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Rebuttal Witness – Test for “Bona Fide” Rebuttal

State v. Juan M. Sandoval, 2009 WI App 61, PFR filed 5/6/09
For Sandoval: Jefren E. Olsen, SPD, Madison Appellate

Issue/Holding: The State need not disclose bona fide rebuttal evidence, the test for which turns on whether the evidence “only became necessary at rebuttal” (as opposed to whether it would have been admissible or useful in the State’s case-in-chief), ¶¶30-34.

¶33   We are convinced that the State satisfied the law of Wisconsin in this case. Vela’s testimony was bona fide rebuttal evidence because it directly answered an issue introduced by Sandoval’s defense: that Sandoval did not have a gun in the car. Specifically, Sandoval offered Gryczawski’s testimony that she was in the car with Sandoval on the way to the party on Thor Avenue and no one in the car had a gun, and that specifically, she did not see a gun on Juan Sandoval. Sandoval himself testified that he had “never seen” a gun before; that the “[f]irst time” he saw or held a gun was after they exited the car and went into the party. It should have come as no surprise to Sandoval that the State would seek to defuse his proffered evidence that he did not have a gun in the car before the party. See id. Although the specifics of the State’s evidence—Vela’s testimony that he saw Sandoval with a gun in his possession in the car before the party—may have been a surprise, it directly rebutted Sandoval’s own evidence: Gryczawski’s testimony that no one in the car had a gun and specifically, she did not see a gun on Sandoval; Sandoval’s testimony that his very first contact with a gun was in the Thor Avenue house when he grabbed and held one momentarily before relinquishing it. This is not trial by ambush; it is simply the State’s response to an issue Sandoval raised in his defense. See id. The fact that Vela’s testimony would have been useful in the case-in-chief does not preclude its use in rebuttal. See id.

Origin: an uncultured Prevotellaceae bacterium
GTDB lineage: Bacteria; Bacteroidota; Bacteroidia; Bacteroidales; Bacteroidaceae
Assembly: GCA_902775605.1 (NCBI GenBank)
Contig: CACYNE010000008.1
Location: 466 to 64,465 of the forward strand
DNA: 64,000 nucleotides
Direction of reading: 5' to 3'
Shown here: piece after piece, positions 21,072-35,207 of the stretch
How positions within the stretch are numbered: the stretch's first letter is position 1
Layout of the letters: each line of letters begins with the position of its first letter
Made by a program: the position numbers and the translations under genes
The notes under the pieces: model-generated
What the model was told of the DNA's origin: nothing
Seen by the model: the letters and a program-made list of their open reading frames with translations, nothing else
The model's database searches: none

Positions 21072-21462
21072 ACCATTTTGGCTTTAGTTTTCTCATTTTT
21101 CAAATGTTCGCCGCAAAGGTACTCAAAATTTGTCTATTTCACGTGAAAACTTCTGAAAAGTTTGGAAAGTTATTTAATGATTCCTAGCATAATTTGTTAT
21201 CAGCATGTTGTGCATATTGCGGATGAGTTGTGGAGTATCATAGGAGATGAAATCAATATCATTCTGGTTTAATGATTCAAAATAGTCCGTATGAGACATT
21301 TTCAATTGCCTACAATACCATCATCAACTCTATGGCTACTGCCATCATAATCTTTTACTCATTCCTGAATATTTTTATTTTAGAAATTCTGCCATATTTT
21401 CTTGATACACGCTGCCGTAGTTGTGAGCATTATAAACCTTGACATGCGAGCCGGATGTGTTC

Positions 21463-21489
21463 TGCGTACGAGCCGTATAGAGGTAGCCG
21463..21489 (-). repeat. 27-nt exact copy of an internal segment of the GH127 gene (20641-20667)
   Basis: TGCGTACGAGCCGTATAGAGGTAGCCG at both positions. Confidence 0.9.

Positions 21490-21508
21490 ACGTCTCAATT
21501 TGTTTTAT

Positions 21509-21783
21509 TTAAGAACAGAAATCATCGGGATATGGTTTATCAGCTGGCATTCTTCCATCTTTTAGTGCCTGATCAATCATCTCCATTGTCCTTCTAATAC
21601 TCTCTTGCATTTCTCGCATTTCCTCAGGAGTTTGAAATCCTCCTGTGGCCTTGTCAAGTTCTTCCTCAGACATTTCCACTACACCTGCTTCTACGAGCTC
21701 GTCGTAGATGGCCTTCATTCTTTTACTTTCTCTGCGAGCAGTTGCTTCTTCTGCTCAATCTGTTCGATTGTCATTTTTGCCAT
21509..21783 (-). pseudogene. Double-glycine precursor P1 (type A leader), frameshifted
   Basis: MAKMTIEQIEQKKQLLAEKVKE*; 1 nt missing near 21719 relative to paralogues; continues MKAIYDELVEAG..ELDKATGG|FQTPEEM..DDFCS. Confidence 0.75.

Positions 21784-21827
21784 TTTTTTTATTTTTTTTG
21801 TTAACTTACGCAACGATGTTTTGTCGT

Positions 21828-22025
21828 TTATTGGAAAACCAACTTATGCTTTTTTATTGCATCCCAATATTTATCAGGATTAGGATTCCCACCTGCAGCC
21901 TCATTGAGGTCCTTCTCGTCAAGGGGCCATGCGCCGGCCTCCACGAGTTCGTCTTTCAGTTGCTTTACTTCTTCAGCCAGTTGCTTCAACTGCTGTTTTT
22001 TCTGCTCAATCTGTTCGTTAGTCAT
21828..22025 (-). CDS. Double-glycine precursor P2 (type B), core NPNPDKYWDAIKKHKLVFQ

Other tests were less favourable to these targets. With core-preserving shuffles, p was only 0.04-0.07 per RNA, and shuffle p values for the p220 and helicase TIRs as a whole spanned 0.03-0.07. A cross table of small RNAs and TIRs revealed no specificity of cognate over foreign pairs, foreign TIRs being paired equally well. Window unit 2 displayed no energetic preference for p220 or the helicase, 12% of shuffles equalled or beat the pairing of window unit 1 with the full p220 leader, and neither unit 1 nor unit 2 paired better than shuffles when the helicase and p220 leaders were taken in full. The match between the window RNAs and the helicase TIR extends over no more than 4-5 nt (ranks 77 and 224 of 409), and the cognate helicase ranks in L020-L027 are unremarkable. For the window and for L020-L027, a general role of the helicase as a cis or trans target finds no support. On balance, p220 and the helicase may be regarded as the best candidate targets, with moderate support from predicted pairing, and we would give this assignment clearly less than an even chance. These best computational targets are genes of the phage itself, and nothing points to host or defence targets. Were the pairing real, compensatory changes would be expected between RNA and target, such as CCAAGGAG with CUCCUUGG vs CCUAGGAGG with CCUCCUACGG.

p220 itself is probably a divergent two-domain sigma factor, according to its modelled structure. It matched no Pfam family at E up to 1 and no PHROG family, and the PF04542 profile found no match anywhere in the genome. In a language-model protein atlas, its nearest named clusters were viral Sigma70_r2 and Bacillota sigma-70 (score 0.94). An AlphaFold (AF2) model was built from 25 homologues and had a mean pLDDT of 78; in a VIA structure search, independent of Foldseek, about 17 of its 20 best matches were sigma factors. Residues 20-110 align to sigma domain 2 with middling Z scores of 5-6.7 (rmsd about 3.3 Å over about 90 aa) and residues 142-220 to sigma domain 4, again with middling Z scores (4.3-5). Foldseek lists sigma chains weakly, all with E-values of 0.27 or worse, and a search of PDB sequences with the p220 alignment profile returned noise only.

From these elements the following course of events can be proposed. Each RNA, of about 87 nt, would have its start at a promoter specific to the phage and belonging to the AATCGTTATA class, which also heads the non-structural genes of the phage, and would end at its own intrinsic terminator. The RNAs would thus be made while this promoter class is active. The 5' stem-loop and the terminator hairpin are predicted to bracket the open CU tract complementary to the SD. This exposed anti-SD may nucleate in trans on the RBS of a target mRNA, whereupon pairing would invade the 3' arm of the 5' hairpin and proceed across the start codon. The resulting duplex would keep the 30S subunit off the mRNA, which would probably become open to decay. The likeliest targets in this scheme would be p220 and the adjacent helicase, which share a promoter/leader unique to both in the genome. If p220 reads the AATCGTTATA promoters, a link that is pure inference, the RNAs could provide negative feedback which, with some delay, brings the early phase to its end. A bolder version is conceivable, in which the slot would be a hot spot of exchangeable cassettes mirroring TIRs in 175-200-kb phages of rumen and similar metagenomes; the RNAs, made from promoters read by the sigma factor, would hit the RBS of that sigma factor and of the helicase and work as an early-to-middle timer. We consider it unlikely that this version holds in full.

In terms of the larger principle involved, the court largely reaffirms its prior holding in State v. Richard N. Konkol, 2002 WI App 174, ¶1 (“To put it bluntly, the defense takes its chances when offering a theory of defense and the State can keep knowledge of its legitimate rebuttal witnesses from the defendant without violating § 971.23(1)(d).”). More particularly, the court rejects a test proffered by Sandoval, based on Wright v. State, 708 A.2d 316 (Md. 1998), which is whether the supposed rebuttal would have been inadmissible in the case-in-chief as irrelevant. Instead, per Konkol, the test is as noted above whether the evidence “only became necessary at rebuttal.” It may be worth recalling, if for no other reason than that Konkol stresses the point, ¶19 n. 7, that disclosure of the defendant’s statements is entirely something else.


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